We Are Stronger Makes Pitch for Faith to Play Role in Treating Veterans with PTSD 

click to enlarge REFLECTIVE MEDIA
  • Reflective Media
Although Houston-area writer/director Robin Murray did not have any sort of experience with military veterans suffering from Post-traumatic Stress Disorder (PTSD), she compares what she was able to do with her new faith-based film We Are Stronger to “building a bridge between the civilian community and vets,” especially since she feels a lot is still unknown to the public about the specific mental health disorder.

According to the most recent statistics from the U.S. Department of Veteran Affairs, there are approximately 2.8 million American veterans of the Afghanistan and Iraq wars who are suffering from PTSD. In 2014, more than 7,300 veterans committed suicide.

In We Are Stronger, Murray tells the story of Victor Raphael (Ulises Larramendi), a U.S. Army veteran who must come to terms with his PTSD when he returns home after a roadside bomb ends his career in the military.
The Current caught up with Murray last week to talk about her film, which screens in San Antonio as part of a week-long engagement (Jan. 26-Feb. 1) at the Santikos Silverado.

The Current: Why did you want to make a film on PTSD?
Robin Murray: We wanted to do a project on something important. The original idea was of a solider coming home and having to deal with flashbacks, but is in denial. Everyone has posttraumatic stress of some kind. People with this kind of pain need guidance in how to handle it. If you keep shoving that down, it will affect the most important relationships in your life. We wanted to show an extreme case of [PTSD] so people could use it in their own lives in some way.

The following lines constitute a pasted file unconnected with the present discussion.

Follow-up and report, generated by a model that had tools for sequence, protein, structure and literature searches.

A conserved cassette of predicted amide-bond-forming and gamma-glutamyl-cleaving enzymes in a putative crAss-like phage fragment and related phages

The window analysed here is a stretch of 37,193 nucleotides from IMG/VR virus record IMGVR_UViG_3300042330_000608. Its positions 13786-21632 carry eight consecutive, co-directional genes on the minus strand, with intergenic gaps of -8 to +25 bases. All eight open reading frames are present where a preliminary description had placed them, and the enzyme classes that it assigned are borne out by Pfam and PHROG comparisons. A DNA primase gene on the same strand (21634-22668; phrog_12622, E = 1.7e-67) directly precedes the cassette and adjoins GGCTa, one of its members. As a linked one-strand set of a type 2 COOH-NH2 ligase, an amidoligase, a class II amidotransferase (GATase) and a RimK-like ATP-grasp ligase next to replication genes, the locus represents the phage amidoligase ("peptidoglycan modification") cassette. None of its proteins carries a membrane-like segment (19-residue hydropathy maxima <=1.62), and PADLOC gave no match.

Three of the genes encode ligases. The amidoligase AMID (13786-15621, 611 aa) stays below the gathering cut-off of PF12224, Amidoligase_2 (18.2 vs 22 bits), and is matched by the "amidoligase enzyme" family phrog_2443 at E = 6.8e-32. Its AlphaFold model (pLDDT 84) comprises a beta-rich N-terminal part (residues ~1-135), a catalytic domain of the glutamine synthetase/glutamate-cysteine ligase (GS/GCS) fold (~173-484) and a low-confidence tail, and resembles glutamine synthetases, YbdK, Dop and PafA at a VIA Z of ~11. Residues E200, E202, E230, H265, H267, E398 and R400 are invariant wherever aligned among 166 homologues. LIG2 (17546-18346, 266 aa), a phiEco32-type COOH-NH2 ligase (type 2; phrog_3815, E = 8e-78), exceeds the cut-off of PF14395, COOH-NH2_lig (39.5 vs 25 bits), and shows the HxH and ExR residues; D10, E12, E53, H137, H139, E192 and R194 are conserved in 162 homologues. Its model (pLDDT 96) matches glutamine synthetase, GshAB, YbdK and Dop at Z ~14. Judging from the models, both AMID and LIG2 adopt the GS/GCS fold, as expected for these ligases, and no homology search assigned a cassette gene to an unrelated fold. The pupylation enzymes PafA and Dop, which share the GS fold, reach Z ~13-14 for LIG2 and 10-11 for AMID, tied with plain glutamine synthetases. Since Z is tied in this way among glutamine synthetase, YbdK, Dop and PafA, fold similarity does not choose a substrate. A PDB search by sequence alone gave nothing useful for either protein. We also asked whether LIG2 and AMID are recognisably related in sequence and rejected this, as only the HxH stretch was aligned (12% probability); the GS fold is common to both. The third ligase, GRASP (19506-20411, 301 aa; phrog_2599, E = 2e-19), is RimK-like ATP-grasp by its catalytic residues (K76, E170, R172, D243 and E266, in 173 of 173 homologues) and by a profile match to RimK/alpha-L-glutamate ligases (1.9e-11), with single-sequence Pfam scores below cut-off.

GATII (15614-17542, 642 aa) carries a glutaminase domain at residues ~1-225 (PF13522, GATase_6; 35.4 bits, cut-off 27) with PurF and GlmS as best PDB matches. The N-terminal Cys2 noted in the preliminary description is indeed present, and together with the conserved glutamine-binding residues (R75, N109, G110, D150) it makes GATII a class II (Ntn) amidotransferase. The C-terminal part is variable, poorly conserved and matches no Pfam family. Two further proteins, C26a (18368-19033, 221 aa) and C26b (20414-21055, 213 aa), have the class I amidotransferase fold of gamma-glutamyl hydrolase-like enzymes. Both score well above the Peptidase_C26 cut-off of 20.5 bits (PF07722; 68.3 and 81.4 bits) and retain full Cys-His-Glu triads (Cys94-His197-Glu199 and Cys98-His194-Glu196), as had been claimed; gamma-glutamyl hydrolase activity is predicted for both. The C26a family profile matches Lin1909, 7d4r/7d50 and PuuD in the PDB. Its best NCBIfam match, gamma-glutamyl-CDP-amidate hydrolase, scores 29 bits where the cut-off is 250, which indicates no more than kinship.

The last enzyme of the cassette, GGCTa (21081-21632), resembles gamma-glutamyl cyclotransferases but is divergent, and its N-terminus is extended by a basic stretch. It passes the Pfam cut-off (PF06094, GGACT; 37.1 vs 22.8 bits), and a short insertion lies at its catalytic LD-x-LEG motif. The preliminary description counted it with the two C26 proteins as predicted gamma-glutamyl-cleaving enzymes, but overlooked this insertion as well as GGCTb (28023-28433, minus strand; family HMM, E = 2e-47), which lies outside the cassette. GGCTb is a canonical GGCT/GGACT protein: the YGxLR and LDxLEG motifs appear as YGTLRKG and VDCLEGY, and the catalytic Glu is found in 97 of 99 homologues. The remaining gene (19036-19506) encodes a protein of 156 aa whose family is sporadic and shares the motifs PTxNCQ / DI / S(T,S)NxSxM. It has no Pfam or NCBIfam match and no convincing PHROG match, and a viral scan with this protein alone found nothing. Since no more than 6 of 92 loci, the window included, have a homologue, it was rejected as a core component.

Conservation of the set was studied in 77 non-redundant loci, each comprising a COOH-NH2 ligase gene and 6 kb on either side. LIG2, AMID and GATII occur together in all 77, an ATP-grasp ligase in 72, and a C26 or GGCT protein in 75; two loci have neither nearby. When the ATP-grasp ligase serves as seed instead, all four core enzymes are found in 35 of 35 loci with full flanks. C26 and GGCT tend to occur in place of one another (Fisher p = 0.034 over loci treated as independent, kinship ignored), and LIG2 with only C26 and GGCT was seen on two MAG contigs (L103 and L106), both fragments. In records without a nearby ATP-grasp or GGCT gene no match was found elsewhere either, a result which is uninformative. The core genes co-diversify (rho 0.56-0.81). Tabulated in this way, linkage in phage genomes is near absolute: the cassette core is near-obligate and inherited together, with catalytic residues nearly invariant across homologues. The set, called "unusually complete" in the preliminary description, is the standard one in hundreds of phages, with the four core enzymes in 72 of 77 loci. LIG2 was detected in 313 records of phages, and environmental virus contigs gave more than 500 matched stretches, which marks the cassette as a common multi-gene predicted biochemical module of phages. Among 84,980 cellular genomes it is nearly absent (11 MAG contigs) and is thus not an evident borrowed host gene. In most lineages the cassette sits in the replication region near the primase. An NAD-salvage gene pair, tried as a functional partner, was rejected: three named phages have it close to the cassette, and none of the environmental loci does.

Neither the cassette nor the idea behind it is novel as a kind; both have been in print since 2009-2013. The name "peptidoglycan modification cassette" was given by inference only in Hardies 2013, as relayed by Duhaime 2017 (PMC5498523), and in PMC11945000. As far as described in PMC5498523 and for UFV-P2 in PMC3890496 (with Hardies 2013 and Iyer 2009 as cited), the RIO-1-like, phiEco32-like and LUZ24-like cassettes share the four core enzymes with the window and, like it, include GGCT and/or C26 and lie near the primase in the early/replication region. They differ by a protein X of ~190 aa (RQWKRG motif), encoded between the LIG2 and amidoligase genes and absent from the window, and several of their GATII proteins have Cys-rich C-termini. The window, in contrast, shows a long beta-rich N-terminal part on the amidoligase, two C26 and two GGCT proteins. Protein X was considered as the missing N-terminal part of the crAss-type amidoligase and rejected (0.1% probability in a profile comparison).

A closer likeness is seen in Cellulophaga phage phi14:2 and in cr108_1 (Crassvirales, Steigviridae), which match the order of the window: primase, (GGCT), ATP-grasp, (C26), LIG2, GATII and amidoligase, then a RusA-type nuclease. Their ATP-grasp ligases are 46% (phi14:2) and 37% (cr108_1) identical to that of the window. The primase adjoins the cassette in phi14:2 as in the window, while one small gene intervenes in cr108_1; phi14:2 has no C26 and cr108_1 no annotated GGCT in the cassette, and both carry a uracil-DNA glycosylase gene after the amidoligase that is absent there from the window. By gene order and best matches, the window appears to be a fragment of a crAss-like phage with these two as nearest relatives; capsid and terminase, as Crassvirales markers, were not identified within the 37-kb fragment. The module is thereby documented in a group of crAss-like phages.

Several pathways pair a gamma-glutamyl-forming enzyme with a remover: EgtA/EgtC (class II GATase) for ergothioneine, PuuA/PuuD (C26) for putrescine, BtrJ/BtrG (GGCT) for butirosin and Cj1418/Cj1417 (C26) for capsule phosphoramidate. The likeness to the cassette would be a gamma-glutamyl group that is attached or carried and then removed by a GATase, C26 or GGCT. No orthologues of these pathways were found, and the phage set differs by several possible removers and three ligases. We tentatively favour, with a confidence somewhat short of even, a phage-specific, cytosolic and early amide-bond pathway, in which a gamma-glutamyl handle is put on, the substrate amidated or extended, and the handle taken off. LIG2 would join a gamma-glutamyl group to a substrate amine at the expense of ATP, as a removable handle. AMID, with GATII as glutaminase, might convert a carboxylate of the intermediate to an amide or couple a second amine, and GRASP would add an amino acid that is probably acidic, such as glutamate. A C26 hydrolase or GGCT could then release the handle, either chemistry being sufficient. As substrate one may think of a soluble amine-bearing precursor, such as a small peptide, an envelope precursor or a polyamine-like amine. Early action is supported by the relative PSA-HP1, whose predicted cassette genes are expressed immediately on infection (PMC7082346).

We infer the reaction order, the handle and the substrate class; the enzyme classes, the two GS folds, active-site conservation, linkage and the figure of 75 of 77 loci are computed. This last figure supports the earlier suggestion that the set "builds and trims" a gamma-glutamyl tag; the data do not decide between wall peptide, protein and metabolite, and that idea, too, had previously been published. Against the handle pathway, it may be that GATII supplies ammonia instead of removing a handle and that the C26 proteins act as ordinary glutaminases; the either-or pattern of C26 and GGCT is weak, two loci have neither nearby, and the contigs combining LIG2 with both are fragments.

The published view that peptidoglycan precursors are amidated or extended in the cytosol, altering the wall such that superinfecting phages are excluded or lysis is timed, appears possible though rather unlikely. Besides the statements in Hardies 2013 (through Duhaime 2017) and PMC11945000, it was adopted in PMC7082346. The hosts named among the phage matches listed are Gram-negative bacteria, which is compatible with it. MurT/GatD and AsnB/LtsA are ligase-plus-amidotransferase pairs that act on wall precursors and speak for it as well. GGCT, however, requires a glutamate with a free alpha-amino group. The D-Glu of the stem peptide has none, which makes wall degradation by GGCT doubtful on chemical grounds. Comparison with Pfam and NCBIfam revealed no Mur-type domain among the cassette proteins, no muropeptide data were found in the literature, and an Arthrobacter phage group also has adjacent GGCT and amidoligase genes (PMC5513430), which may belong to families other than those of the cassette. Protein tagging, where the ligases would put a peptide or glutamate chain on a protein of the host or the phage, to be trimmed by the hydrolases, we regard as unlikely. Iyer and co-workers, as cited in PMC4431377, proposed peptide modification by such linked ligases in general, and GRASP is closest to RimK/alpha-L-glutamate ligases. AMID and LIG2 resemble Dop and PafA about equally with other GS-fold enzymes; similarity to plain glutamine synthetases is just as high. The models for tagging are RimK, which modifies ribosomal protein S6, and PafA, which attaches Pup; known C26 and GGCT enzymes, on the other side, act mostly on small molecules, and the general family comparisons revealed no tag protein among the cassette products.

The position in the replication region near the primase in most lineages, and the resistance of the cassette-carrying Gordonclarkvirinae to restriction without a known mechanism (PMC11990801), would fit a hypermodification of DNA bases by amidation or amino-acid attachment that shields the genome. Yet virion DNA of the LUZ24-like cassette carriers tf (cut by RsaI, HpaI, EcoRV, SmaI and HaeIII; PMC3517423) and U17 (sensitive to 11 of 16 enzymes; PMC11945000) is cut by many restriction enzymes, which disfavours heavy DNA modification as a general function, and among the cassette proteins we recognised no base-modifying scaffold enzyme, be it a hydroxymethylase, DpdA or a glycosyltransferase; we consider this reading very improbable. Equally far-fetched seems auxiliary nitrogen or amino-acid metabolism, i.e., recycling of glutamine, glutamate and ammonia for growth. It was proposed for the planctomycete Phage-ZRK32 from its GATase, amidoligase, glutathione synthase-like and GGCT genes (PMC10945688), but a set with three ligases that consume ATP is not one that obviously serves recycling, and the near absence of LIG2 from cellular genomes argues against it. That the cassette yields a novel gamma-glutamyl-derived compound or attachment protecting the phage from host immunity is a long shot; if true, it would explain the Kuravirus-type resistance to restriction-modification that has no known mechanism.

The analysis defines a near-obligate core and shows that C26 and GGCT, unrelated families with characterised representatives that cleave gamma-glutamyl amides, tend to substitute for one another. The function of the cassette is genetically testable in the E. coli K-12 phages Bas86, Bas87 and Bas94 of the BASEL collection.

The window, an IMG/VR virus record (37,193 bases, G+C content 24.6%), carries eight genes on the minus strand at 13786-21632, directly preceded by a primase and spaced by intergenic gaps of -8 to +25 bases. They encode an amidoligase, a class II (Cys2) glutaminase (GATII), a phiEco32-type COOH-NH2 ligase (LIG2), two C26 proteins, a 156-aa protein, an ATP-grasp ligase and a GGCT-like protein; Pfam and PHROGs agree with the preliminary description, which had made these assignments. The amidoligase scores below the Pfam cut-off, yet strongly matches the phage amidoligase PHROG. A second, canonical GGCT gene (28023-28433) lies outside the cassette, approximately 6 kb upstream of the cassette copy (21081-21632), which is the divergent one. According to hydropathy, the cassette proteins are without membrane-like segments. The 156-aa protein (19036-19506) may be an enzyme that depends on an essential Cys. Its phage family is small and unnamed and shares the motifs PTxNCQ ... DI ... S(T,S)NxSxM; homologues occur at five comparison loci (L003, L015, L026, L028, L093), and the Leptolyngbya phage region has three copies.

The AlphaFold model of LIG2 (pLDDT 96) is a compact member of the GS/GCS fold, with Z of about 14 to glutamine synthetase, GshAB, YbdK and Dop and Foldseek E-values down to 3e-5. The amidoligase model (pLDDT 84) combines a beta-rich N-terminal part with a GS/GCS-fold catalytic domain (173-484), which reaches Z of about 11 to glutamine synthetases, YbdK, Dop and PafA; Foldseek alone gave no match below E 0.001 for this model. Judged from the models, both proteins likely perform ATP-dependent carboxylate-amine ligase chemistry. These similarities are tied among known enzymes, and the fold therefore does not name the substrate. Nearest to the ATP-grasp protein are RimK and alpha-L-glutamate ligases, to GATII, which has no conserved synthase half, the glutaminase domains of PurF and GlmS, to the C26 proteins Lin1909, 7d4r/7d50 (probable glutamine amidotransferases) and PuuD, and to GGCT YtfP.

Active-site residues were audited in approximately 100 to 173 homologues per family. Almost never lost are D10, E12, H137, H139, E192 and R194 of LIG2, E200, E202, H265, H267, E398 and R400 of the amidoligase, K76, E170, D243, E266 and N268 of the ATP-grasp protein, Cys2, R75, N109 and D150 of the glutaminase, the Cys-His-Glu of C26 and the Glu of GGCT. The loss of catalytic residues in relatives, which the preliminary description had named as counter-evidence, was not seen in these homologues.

C: What kind of research did you do for this project?
RM:
I read Lt. Col. [Dave] Grossman’s book On Combat. He teaches resiliency courses with the military. It was a very good resource for me. Also, I read Rev. Chris Adsit’s book The Combat Trauma Healing Manual, which walks people through a group study. I worked through the manual myself. It has a lot of firsthand accounts and actual journal entries from people dealing with [PTSD]. Working through that manual, I got a good picture of what it looked like. Also, I watched a documentary on PTSD, [The War Comes Home], which was [hosted] by Soledad O’Brien on CNN. That gave me some great ideas of what to write in the script.

C: Did you speak to anyone with PTSD?
RM:
Yes, I interviewed different people. That opened my eyes to the depths of the issue and really gave me an appreciation for our veterans and what they go through. I learned a whole lot about this vital group of people that serve our community. A lot of times they feel isolated, like no one understands. We worked with a lot of veterans [on the film] to help us legitimize it all.

C: What kind of feedback are you getting from veterans after they see the film?
RM:
The lead actors really get a lot of the feedback. I think veterans feel like the actors really understand them. So many times, veterans will come up to the actors in tears after a screening. We’ve had veterans tell their wives that they had no idea what they were putting them through and that they needed to get help.

C: Why is a religious aspect to a film about PTSD needed?
RM:
I firmly believe that the key part of emotional healing is that we ask our creator who created our emotions for help. Asking for God’s help in keeping you strong enough to continue to go to counseling and therapy is healing mercy on your heart. That’s a big part of it.

C: Is this film for nonbelievers or veterans who are suffering from PTSD but don’t believe religion or prayer will factor into whether they get better or not?
RM:
If you have PTSD and go to a counselor, they will tell you that you must work on the cognitive aspects and find a 12-step program because that is something that could heal you from the trauma. Finding a good therapist — whether they’re Christian or not — is going to help. Some people might say they’re offended if we say a person can be healed from PTSD [with religion] and others would say [the opposite]. We try to present this as a journey of healing. I think a nonbeliever could see the film. They might be annoyed that we’re bringing religion into it, but I feel like it is brought into the film in a way that is genuine.

$8-$11, Jan. 26-Feb. 1, 7pm Fri, 2pm Sat-Sun, Santikos Silverado, 11505 N. Loop 1604 W., (210) 695-5279, strongermovie.com.


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